Climbing Into Old Age

Sunday, March 19, 2023

Even youths grow tired and weary, and young men stumble and fall; but those who hope in the Lord will renew their strength. They will soar on wings like eagles; they will run and not grow weary, they will walk and not be faint. Isa. 40:31, NIV.

Hulda Crooks first climbed 14,495-foot Mount Whitney, North America's highest mountain, in 1962 at age 66 and continued to climb it nearly every year after that until she was 91.

Also when she was 91 years old she climbed Japan's 12,388-foot Mount Fuji, reaching the summit on July 24, 1987, the oldest woman ever to do so. Six weeks later she again climbed Mount Whitney. Incredible as it may seem, between 81 and 90 years of age she climbed 97 peaks. When someone challenged her to climb the steps leading to the top of the Capitol Dome in Washington, D.C. (steps are sometimes more difficult than a mountain trail), Hulda Crooks accepted the challenge—and won. When she was 94 her doctor told her she had the heart and lungs of an 18-year-old.

She lives by the philosophy that "muscles, not used, atrophy. Bones, not put under stress, lose minerals and become weak. Joints, not moved sufficiently as in walking, working, or other forms of exercise, become stiff from disuse. The blunt facts are that your body needs intelligent care."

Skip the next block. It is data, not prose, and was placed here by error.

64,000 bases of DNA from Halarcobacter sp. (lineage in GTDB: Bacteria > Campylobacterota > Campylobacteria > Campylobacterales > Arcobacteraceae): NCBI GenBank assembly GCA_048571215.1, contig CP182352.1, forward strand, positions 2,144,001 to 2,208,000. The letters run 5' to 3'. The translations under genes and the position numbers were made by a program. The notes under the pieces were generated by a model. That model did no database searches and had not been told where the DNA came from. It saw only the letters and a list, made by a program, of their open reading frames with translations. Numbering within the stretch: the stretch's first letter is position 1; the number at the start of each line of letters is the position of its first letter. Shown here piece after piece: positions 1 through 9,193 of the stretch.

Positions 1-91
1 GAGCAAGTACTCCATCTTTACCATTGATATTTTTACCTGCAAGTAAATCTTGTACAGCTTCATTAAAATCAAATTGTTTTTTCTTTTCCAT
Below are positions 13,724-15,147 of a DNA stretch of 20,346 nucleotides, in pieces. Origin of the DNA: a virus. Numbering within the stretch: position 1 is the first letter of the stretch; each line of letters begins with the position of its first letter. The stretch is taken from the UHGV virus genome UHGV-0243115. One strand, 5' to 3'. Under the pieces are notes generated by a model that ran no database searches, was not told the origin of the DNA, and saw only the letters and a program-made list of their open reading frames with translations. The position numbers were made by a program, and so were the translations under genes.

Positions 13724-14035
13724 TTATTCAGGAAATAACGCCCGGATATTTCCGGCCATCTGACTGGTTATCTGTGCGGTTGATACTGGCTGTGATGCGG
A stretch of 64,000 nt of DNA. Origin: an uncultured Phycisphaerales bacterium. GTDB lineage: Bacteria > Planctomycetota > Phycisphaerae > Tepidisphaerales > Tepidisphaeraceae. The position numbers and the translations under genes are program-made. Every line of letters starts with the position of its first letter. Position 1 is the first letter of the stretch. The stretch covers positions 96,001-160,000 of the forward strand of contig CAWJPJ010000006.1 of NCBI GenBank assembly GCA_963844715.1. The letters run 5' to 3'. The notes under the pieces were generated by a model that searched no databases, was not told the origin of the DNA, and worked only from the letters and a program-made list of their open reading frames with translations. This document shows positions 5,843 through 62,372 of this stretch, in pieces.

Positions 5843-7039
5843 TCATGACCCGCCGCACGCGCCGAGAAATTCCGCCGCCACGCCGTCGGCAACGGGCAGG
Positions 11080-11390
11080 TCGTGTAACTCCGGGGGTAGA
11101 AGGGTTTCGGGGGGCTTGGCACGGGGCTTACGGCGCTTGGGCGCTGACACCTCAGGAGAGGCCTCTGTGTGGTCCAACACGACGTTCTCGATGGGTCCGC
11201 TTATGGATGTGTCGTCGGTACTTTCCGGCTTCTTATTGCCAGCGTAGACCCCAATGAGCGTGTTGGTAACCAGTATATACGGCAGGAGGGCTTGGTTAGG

Hulda has proved that a lifestyle change can take place at any age. She describes herself in her teen years as being nervous, anemic, and perpetually tired. At age 31, when she was overweight and not physically well, her physician-husband encouraged her to become more physically active. She followed his advice, and it changed her life. Since then she has said that we can't separate diet and exercise. "The diet provides the materials for the body's functions. The exercise is absolutely essential in keeping up a good circulation. If we don't exercise, the circulation is sluggish, and that affects the entire body, the mental as well as the rest of the body."

Hulda's life is an inspiration to all, regardless of age, to get up and get going!

What lifestyle change do I need to make to be able to "run and not grow weary," or "walk and not be faint"?

Used by permission of Health Ministries, North American Division of Seventh-day Adventists.

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